Published by TNI here; authored by Brid Brennan and Gonzalo Berrón entitled Touching A Nerve; How a peoples’ campaign at the United Nations is challenging corporate rule
Since 2015, there has been an annual negotiation at the United Nations’ Palais des Nations in Geneva that touches the very nerve centre of corporate capitalism. This event stems from the June 2014 United Nations Human Rights Council (UNHRC) Resolution 29/6 that set up an intergovernmental working group to elaborate a legally binding instrument to regulate transnational corporations. It was a historic initiative as it demonstrated that corporate rule – which many still see as unquestionable – can be challenged and confronted.
It is, unsurprisingly, a negotiation that has been contested every step of the way, revealing the often conflicting – but sometimes coinciding – interests among the three major actors: states, corporations and the affected communities, social movements and civil society organisations (CSOs).
This trajectory sees the convergence of diverse paths.
For states – assuming a new historic responsibility to put a Binding Treaty in place that addresses the acknowledged gap in human rights law, the architecture of corporate power and impunity, and access to justice. For corporations, the repeated defence of the status quo – legitimising corporate violations of human rights and profits before peoples’ rights. And for affected communities and social movements – persistent resistance, building law from below and sustaining pressure on governments.
Ever since transnational corporations (TNCs) became major global actors, affected communities, factory workers and social movements have resisted this corporate economic model.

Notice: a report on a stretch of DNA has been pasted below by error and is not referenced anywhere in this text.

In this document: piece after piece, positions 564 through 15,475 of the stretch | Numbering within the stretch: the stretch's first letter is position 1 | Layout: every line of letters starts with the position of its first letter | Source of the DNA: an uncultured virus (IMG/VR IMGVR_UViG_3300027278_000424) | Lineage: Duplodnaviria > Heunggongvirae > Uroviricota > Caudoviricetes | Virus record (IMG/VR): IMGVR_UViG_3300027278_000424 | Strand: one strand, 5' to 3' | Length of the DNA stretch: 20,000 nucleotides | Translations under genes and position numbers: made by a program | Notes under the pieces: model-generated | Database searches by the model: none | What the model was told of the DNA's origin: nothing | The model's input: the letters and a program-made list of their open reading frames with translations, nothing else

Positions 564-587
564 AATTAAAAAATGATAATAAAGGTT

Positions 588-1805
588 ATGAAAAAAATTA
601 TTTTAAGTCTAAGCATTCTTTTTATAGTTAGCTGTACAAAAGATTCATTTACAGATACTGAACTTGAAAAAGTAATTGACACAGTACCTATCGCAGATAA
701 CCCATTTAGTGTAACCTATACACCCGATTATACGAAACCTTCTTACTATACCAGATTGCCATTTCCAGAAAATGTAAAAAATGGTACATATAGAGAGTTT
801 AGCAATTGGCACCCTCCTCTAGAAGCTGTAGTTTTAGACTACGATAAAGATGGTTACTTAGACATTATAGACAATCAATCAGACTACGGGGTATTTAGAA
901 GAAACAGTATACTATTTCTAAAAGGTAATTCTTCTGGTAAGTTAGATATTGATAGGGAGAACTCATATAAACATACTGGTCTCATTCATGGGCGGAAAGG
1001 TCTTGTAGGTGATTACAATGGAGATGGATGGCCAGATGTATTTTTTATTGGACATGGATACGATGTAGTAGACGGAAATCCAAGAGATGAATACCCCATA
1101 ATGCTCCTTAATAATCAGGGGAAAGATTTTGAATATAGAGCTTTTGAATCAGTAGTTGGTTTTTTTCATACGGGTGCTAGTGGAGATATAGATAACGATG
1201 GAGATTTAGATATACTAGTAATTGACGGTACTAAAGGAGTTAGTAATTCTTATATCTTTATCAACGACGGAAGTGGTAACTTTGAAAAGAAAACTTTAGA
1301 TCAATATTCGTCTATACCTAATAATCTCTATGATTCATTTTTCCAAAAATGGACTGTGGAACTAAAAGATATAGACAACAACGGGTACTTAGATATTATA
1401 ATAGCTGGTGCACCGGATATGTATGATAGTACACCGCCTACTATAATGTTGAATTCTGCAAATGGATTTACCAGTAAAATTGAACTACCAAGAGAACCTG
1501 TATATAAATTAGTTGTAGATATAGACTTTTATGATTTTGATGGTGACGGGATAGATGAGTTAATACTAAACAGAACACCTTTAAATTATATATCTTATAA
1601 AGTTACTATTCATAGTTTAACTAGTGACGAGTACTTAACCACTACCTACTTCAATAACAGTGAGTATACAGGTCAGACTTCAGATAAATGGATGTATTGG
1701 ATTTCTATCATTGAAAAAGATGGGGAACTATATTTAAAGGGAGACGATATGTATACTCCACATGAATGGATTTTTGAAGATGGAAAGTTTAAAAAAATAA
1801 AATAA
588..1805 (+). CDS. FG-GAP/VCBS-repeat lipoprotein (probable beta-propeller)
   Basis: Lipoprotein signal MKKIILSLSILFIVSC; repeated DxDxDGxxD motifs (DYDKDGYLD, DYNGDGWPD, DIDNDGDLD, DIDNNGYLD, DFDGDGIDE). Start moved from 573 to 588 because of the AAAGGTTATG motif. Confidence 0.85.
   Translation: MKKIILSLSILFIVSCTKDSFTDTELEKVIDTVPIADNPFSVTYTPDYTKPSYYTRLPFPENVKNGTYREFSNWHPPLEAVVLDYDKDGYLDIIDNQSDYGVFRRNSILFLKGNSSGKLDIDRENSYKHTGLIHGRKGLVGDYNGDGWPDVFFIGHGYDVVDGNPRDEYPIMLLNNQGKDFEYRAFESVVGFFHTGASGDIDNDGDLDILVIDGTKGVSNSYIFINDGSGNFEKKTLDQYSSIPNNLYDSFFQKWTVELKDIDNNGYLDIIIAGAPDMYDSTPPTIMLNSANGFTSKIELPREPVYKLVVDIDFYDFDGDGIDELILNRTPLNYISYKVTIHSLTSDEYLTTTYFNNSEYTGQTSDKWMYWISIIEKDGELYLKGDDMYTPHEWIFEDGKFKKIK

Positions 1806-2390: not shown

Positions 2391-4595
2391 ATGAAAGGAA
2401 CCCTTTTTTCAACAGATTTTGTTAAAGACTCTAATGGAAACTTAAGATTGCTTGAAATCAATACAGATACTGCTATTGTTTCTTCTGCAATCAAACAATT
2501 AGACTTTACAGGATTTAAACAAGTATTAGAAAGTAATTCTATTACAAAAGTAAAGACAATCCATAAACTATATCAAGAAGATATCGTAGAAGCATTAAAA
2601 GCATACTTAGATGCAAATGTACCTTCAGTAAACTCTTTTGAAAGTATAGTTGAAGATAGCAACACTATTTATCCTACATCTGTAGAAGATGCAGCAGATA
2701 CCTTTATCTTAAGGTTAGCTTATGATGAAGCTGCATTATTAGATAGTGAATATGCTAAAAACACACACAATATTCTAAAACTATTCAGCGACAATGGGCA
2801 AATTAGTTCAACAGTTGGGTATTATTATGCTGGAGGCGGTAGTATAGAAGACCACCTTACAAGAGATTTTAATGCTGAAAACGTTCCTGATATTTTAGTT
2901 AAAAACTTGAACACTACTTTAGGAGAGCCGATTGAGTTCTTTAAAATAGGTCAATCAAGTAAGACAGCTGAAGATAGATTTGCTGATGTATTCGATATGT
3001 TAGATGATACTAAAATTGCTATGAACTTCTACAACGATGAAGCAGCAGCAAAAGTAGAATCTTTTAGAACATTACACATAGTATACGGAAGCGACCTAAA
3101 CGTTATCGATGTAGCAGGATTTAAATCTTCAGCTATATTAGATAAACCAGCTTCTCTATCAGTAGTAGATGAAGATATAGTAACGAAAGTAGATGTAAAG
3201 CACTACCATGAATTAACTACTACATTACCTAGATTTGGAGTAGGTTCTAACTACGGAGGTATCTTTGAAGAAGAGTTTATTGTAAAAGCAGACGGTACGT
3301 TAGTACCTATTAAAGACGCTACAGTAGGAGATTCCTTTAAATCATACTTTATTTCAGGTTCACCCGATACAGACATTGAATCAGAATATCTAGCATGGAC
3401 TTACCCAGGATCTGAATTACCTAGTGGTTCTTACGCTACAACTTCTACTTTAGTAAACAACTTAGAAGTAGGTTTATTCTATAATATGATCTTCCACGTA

By 2000, communities and workers worldwide had protested against TNC crimes – including such iconic cases as the Union Carbide pesticide plant’s poisonous gas leak in Bhopal in 1984; Shell’s ruptured pipeline in Bodo Nigeria (2008–2009); Chevron’s dumping of crude oil in Ecuador (1964–1992); European Corporations’ (Fossil Fuels/Energy, Agriculture & Manufacturing) blocking of significant reductions in CO2 emissions; and British Petroleum’s (BP) Deep Water Horizon explosion (April 2010) in the Gulf of Mexico.
While the resistance of affected communities has been a constant challenge to the operations of TNCs and their human rights violations, it was the joint convening of the Permanent People’s Tribunal (PPT) Sessions by the Hemispheric Social Alliance (HSA) and the Enlazando Alternativas on European Corporations in Latin America (2004–2010) that kick-started a new process of bringing the different movements together and developing a shared analysis of the corporate violations of human rights.
In the process of sharing experiences of 46 cases in three sessions, they not only pointed to the specific corporate violations of human rights but also identified their systemic character.
The verdicts identified an ‘architecture of impunity’, generated by different trade and investment agreements and the global institutions of the World Trade Organization (WTO), the International Monetary Fund (IMF) and the World Bank, that legitimised and prioritised protections and privileges to corporations over the human rights of communities and workers.
This notably includes the Investor to State Dispute System (ISDS) whereby TNCs can unilaterally sue states for actions that affect their profits. The PPT Judgement in Madrid in May 2010 concluded that the human rights of people in Latin America and Europe faced an impenetrable wall of impunity and denial of justice in relation to TNCs’ operations. It noted that Global Corporate Rule had become entrenched – privileging profits above peoples’ rights and the protection of the planet.
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